Since its generic inception in 1516, utopia has produced visions of alterity which renegotiate, subvert, and transcend existing places. Early in the twentieth century, H. G. Wells linked utopia to the World State, whose post-national, post-Westphalian emergence he predicated on English national discourse. This critical study examines how the discursive representations of England’s geography, continuity, and character become foundational to the Wellsian utopia and elicit competing response from Wells’s contemporaries, particularly Robert Hugh Benson and Aldous Huxley, with further ramifications throughout the twentieth century. Whereas Benson overwrites national discourse as an impediment to world unity, Huxley salvages the residual traces of English culture from their abuses in the World State. Contextualized alongside the changing circumstances of modernity, such contrary reactions demonstrate a shift from disavowal to retrieval of England, on the one hand, and from endorsement to rejection of the World State, on the other. England’s dissolution in the throes of alterity takes increasing precedence over the visions of a post-national world order and dissents from the Wellsian utopia. This trend continues in the work of George Orwell, Anthony Burgess, J. G. Ballard, and Julian Barnes, whose scenarios warn against a world without England. The Nationality of Utopia investigates utopia’s capacity to deconstruct and redeploy national discourse in ways that surpass fear and nostalgia.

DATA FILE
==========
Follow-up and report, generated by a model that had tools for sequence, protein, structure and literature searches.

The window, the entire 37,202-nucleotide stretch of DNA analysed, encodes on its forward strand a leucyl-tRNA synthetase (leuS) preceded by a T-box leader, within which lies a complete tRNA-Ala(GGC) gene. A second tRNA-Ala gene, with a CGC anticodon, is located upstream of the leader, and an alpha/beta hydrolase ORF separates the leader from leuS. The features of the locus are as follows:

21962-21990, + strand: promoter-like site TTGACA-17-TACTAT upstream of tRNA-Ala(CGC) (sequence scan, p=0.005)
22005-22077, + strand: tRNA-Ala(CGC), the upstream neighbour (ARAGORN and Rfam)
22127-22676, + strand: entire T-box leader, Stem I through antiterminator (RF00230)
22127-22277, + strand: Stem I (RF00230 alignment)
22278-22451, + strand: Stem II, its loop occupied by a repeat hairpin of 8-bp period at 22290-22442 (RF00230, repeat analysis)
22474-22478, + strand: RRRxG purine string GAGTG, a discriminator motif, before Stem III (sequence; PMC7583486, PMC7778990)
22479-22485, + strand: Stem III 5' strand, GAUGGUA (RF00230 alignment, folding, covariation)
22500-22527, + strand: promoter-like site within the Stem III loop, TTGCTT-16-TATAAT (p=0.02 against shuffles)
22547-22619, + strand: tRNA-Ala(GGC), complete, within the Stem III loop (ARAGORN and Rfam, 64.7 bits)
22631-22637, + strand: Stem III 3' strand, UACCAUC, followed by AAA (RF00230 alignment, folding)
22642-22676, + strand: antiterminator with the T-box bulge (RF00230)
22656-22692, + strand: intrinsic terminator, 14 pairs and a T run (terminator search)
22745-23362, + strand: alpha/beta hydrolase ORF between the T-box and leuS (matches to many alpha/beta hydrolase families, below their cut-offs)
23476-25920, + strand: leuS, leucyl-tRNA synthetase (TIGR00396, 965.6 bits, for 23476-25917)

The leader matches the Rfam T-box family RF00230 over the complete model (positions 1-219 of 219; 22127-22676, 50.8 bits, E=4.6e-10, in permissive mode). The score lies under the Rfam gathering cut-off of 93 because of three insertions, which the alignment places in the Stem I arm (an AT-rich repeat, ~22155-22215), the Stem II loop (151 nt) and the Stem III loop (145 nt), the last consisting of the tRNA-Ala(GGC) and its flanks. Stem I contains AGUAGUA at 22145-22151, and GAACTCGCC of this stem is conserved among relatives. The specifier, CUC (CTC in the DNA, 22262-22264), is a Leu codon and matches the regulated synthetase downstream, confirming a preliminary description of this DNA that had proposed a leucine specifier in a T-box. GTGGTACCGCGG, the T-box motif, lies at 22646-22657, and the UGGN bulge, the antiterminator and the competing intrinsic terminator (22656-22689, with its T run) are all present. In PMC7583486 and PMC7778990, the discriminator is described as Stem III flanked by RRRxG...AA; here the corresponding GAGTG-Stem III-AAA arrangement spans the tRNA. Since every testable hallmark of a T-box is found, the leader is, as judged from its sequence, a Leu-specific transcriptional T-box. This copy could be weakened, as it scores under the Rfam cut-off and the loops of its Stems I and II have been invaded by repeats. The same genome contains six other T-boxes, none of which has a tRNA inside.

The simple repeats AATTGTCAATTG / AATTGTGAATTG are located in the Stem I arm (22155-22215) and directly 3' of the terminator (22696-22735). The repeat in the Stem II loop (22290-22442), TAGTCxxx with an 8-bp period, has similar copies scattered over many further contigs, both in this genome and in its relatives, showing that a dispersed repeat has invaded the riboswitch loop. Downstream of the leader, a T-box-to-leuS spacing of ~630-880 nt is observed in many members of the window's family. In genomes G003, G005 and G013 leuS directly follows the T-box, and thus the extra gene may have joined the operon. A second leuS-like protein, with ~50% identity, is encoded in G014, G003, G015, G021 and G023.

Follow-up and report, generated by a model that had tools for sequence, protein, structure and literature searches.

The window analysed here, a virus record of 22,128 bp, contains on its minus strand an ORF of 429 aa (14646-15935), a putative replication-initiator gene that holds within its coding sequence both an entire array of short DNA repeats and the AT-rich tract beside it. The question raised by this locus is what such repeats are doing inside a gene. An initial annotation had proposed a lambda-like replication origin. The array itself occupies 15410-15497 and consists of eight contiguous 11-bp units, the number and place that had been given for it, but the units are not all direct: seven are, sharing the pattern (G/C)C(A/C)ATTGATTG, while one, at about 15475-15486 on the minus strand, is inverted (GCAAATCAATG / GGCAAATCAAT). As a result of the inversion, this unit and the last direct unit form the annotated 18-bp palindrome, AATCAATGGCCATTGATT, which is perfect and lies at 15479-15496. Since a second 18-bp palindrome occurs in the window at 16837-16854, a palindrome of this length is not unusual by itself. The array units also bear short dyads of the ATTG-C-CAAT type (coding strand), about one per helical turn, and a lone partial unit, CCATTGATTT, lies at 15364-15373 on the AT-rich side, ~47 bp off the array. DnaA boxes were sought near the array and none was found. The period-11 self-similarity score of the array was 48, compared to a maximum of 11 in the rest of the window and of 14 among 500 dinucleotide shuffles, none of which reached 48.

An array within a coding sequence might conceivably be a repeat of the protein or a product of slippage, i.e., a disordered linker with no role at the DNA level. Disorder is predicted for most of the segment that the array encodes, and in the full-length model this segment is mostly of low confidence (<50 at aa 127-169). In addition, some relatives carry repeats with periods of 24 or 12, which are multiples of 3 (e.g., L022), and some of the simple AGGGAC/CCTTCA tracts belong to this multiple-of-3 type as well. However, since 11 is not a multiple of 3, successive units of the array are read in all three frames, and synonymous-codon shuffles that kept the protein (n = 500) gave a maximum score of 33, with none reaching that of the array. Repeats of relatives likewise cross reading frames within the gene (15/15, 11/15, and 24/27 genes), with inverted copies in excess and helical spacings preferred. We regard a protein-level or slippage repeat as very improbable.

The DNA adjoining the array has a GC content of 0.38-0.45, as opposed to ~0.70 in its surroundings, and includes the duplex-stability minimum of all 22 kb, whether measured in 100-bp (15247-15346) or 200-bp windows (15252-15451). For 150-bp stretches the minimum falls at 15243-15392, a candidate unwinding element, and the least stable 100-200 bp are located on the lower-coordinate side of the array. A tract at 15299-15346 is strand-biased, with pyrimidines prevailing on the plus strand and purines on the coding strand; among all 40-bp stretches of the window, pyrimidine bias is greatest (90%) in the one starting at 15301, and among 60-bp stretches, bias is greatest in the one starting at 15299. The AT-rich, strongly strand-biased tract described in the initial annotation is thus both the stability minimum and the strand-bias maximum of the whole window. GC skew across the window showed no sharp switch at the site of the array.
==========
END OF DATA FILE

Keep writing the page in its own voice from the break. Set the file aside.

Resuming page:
Chapter 1. English Utopia and Utopian England
Chapter 2. The Wellsian Utopia and the Discourse of England
Chapter 3. England in Transition: Memory, Politics, and Technology
Chapter 4. England Redeemed: The Road, the Rose, and the Dream
Chapter 5. The End of England: Eugenics, Landscape, and Recollection
Coda: England for England’s Sake?
From Joyce to Rushdie, Modernism to Food Writing, Routledge Studies in Twentieth Century Literature looks at both the literature and culture of the 20th century. This series is our home for cutting-edge, upper-level scholarly studies and edited collections. Considering literature alongside religion, popular culture, race, gender, ecology, travel, class, space, and other subjects, titles are characterized by dynamic interventions into established subjects and innovative studies on emerging topics.